Blair: “Say ‘I screwed Ashley.’”
Koen: “...I screwed Ash.”
Blair: “How many times?
Koen: “It didn’t mean anything.”
Blair: “So you screwed my girlfriend and you didn’t mean anything?” [slow clap] “Clever man.”
The crux of Cleverman is the examination of discrimination against Aboriginal people. The show handles this well, and it’s clear that the heartbeat of the series revolves around racial identity. The diversity in casting is robust and authentic, as several actors hail from Aboriginal backgrounds including leads Koen, Waruu, and Latani among other support characters.
There are not nearly enough Aboriginal storytellers sharing their unique perspectives or tapping into exciting mythologies for the screen. That being said, race in Cleverman is handled with about as much finesse as sledgehammer. Hairypeople are consistently subject to verbal and physical abuse, forced to live in concentration camps and hunted down like runaway slaves. In fact, Cleverman reminds me of slave stories like Roots from the 1970s or Amistad from 1997, which had their seminal roles in history but had not yet progressed far enough to examine the complex systems of injustice that survive today. Similarly, Cleverman succeeds in telling the audience that racism is bad but fails to explore what can be done about it.
Personally, I crave more maturity and nuance in portrayals of racial identity, especially for marginalized groups that seldom see depictions beyond their historical struggle. Rather than another season of torture for Hairypeople, I would love to see Aboriginal actors star in love stories, comedies, dramas, and other modern, positive pieces. If heavy-handed Cleverman is the first step to getting there, then so be it.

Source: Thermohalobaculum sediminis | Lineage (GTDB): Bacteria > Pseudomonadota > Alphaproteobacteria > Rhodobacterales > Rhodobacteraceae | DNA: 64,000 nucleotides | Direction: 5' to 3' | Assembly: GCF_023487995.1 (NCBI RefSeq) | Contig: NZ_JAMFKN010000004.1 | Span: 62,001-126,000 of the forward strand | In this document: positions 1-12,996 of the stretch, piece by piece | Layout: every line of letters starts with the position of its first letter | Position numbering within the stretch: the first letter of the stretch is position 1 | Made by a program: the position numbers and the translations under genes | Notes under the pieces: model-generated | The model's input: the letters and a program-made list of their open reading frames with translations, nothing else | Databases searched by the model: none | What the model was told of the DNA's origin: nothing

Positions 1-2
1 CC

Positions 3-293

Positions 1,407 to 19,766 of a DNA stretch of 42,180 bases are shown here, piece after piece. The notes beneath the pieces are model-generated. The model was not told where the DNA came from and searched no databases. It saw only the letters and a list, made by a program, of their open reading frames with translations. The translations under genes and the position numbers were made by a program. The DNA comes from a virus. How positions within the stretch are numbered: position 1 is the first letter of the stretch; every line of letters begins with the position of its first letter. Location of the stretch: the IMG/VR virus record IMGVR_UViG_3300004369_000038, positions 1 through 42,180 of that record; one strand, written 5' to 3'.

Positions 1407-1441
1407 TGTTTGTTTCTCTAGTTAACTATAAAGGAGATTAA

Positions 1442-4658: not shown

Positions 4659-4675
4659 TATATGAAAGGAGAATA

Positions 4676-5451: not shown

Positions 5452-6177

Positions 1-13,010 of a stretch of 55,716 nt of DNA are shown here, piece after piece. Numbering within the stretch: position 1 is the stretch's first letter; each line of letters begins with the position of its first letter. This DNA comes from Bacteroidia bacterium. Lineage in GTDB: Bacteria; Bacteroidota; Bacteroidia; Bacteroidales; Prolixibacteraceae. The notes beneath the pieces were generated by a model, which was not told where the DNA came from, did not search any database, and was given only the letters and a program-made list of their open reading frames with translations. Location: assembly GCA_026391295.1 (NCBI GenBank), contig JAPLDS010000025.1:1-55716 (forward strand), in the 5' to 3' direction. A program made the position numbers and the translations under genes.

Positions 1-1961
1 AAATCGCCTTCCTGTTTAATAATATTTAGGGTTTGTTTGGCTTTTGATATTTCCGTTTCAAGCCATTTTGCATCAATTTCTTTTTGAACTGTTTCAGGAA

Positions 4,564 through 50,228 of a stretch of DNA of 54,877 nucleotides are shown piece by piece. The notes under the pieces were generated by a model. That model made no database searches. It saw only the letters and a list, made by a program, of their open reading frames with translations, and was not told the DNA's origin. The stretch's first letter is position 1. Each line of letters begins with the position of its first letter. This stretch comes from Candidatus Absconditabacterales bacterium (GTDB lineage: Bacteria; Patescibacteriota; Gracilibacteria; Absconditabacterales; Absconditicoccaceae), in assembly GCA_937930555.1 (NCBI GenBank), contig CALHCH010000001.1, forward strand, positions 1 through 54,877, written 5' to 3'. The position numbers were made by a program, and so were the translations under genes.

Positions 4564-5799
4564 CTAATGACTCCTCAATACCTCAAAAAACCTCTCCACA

Nonexistent. I wouldn’t trust this show to handle it well, either. The series is bursting at the seams with a straight male gaze, full of toxic masculinity and a palpable misunderstanding of what female strength is. (Hint: It’s not cleavage and it isn’t the murder of your rapist.) I feel like the writers would combust if forced to write a complex LGBTQ character.
Mediaversity Grade: D 2.38/5
Cleverman has such a great concept and I was genuinely excited to see a reimagining of the Aboriginal myth of the Yowie. Unfortunately, in its single-minded pursuit of building a macho dystopia, women are forced into backwards depictions and the overall story suffers from malaise. I hope the opportunities afforded the diverse writers and actors of Cleverman will launch great talents such as Rob Collins or Rarriwuy Hick into more complex narratives in the future. But in the meantime, while this is a step forward for Aboriginal storytelling, it’s built on the shoulders of mediocre writing and male machismo.